The perceived vulgarity of the dance that mainly belonged to the poor southern barrios was deeply frowned upon by the reigning porteño elites of the plush northern suburbs, but it did manage to influence some brash young members of the upper classes. These rebel jet setters, known as niños bien, took the novelty to Paris and created a craze – a dance that became an acceptable outlet for human desires, expressed on the dance floors of elegant cabarets. The trend spread around Europe and even to the USA, and 1913 was considered by some as ‘the year of the tango'. When the evolved dance, now refined and famous, returned to Buenos Aires, it finally earned the respectability it deserved. And so the golden years of tango began.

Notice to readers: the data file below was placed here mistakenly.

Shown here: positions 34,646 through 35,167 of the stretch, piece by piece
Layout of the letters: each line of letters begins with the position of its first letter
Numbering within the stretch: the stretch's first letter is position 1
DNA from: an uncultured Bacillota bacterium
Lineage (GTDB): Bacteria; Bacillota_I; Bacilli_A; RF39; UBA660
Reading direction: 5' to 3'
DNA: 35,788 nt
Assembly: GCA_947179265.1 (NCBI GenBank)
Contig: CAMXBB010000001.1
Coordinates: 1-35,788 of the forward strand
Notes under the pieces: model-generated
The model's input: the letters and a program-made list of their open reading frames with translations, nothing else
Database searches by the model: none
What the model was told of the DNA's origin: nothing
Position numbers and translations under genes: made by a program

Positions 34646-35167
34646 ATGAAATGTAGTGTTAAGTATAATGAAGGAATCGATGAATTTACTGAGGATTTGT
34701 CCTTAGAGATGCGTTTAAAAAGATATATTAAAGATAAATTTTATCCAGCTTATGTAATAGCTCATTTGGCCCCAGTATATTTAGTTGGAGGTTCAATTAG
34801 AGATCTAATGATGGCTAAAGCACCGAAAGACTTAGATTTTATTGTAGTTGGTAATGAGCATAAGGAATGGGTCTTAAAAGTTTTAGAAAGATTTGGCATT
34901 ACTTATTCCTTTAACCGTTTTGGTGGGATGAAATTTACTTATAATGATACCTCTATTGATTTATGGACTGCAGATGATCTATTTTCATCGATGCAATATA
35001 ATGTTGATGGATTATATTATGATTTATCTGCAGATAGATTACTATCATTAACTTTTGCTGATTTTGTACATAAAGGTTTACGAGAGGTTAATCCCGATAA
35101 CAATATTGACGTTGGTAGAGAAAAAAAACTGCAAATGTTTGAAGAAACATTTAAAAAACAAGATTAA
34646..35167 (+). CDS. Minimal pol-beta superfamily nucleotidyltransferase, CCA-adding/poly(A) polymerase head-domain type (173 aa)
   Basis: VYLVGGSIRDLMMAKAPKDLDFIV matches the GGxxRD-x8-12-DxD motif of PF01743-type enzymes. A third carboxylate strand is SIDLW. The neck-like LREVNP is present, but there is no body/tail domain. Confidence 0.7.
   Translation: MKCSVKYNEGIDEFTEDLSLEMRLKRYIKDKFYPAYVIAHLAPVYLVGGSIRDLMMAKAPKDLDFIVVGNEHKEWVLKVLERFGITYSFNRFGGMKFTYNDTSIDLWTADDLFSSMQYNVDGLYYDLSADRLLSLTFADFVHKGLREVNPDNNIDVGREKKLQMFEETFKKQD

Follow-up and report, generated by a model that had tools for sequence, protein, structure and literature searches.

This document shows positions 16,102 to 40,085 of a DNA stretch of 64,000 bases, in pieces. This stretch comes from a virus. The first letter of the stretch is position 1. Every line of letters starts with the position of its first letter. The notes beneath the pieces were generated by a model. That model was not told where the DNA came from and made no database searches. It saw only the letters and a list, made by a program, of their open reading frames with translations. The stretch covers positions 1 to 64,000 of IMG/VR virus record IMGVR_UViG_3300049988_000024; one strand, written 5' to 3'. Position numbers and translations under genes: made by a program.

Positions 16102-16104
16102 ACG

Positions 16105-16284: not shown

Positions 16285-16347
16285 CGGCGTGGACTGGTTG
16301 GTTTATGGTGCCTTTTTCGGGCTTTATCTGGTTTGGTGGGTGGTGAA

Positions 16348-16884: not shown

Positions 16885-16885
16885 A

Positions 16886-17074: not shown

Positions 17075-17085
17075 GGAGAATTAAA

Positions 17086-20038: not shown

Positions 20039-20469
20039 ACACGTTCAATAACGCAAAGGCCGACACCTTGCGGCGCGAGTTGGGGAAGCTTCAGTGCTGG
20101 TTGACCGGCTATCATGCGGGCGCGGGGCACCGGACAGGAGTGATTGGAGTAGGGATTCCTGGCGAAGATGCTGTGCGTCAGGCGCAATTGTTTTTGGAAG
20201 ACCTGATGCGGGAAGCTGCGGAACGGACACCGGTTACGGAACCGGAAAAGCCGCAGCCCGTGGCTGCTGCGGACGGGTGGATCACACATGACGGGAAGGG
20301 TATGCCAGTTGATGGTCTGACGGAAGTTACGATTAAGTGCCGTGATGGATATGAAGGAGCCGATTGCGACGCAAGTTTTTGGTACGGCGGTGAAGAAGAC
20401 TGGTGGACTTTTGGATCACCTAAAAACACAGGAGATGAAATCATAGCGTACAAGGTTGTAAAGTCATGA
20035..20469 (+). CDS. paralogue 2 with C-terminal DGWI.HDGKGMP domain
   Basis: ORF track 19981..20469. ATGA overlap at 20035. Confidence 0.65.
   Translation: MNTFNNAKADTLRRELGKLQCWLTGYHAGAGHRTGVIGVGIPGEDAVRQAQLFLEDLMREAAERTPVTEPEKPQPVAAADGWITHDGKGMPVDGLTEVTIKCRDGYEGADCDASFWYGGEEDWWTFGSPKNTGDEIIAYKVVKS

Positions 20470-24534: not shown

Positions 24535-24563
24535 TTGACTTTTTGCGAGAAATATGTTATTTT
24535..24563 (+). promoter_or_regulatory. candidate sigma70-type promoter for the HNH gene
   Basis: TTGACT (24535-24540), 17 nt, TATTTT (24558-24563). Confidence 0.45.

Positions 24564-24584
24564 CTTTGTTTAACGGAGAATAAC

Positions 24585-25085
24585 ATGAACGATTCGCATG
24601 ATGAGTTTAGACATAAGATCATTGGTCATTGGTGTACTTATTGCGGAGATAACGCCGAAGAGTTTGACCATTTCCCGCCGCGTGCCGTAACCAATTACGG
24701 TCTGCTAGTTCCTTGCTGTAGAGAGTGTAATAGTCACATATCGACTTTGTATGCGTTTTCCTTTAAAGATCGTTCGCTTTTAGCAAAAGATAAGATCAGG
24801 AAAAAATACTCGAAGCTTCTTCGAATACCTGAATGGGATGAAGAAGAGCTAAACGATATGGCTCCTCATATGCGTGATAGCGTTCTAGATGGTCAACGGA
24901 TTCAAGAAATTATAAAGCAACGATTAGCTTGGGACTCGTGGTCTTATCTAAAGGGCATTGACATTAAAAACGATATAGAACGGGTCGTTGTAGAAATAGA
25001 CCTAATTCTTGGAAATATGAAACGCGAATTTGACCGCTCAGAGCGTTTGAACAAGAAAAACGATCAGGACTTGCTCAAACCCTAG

In 1955, however, Argentina became a military state intolerant of artistic or ‘nationalistic’ activities – including the tango, which had been highly popular with the people. Some tango songs were banned, and the dance was forced underground due to curfews and a limit on group meetings. The dance didn’t resurface until 1983, when the junta fell – and once it was back in the open again, it underwent a renaissance. After being constrained by the rigors of military rule, Argentines suddenly wanted to experience new life, be creative and move. The tango became popular once again – and remains so to this day.

Evolving Tango Music